In the last article, we looked at organisational factors and how they can impact health and safety. In this article, we’ll turn the focus onto job factors.
Successful management of human factors and the control of risk involves the development of systems designed to take proper account of human capabilities and fallibilities. Using techniques like job safety analysis, jobs should be designed in accordance with ergonomic principles so as to take into account limitations in human performance. Examples of job factors are:
Ergonomics is about ensuring a good ‘match’ between people and the things they use. People vary enormously in many ways including height and weight; physical strength ability to handle information. Ergonomics uses information about human abilities, attributes and limitations to ensure that work, work equipment and workplaces allow for such variations.
Tasks should be designed in accordance with ergonomic principles to take into account limitations and strengths in human performance. Matching the job to the person will ensure that they are not overloaded and are able to make an effective contribution to the business results. Mismatches between an individual’s capability and the job requirements create the potential for human error. Matches/mismatches may be physical or mental. The physical match includes the design of the whole workplace and working environment. Mental match involves the individual’s information and decision-making requirements, as well as their perception of the tasks and risks.
Ergonomic design seeks to: produce equipment that most people can operate comfortably, conveniently and safely; and to design tasks to reduce human error, accidents and ill health. Ergonomic problems, typically uncovered during accident investigations include operators being, unable to see important displays, unable to reach controls, unable to work in a comfortable position, overloaded with too much information at one time, or not paying attention because there is too little to do.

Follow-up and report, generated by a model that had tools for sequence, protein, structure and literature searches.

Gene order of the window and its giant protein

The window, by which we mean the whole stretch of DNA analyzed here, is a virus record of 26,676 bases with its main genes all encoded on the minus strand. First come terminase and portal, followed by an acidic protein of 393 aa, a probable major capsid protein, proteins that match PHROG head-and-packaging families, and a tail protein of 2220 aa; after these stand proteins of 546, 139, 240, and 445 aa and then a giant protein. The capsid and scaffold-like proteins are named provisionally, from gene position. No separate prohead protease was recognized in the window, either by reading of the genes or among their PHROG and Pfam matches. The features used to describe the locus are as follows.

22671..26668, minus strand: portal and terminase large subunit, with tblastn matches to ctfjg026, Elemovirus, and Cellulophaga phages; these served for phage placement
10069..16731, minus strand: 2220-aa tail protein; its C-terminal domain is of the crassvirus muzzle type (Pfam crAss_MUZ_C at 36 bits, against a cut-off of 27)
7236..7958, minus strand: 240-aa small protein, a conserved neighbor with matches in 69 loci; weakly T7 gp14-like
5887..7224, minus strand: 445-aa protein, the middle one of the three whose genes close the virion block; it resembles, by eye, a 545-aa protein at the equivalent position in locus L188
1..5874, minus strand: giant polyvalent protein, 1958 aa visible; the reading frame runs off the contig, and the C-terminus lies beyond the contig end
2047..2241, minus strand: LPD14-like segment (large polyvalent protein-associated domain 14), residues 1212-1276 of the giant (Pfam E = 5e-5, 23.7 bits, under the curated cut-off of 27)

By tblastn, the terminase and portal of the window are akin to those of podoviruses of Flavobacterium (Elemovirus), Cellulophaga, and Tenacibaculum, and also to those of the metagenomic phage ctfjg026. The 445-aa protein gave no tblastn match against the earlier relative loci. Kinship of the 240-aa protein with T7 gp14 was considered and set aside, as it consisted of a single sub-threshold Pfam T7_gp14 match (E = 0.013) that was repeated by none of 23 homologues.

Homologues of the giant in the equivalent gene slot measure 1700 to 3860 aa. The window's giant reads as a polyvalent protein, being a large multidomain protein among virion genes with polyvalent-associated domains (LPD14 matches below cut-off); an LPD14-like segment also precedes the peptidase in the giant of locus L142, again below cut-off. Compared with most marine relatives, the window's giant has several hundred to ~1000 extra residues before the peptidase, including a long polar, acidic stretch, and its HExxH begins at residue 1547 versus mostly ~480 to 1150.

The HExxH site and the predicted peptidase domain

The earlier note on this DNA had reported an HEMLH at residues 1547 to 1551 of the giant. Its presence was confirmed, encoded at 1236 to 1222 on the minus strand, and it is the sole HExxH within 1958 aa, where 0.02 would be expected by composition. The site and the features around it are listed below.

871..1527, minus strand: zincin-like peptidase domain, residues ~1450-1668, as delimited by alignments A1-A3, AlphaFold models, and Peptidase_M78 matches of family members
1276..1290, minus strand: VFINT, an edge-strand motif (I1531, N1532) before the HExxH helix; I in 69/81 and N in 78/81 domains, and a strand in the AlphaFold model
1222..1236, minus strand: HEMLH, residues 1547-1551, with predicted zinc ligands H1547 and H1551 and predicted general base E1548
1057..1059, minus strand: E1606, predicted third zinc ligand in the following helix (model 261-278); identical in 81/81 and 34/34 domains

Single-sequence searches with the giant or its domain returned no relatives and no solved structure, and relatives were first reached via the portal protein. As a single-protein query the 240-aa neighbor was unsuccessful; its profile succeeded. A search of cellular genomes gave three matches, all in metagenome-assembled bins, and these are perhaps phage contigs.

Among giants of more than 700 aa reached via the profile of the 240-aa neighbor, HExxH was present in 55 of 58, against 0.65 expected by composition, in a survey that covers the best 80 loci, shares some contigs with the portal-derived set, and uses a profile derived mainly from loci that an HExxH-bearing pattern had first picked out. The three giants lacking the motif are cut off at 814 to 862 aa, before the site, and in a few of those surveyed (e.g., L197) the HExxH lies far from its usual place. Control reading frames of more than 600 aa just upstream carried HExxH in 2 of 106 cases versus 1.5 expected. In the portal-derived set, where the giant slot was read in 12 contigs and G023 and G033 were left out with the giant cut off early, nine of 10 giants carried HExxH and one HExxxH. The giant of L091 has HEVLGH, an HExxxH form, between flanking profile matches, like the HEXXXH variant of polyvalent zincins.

Working on repetitive and/or fast-paced tasks can lead to lapses of concentration. Having a job which involves risk or danger could lead to people taking their ‘eye off the ball’ when it comes to the less dangerous parts of their job. People assigned tasks for which they are not suited (because of individual factors) could also lead to problems.
Both work overload (having too much to do or the work being too difficult) and
work underload (routine, boring and under-stimulating tasks) can be sources of stress. working inconvenient and excessive hours
Jobs that are conducted in poor physical working conditions (such as high levels of noise, poor ventilation).
Display and controls
The layout of controls and displays can influence the safety of a system. Typical problems include switches which can be inadvertently knocked on or off, control panel layouts which are difficult to understand, displays which force the user to bend or stretch to read them properly, critical displays which are not in the operator’s normal field of view, poorly identified controls which the operator could select by mistake and emergency stop buttons which are difficult to reach.
Procedures, especially operating and maintenance procedures, are important for the prevention of accidents and ill-health. Written procedures are vital in maintaining consistency and in ensuring that everyone has the same basic level of information. They are a key element of a safety management system and an important training tool. However, poor procedures can be a reason for people not following recommended actions.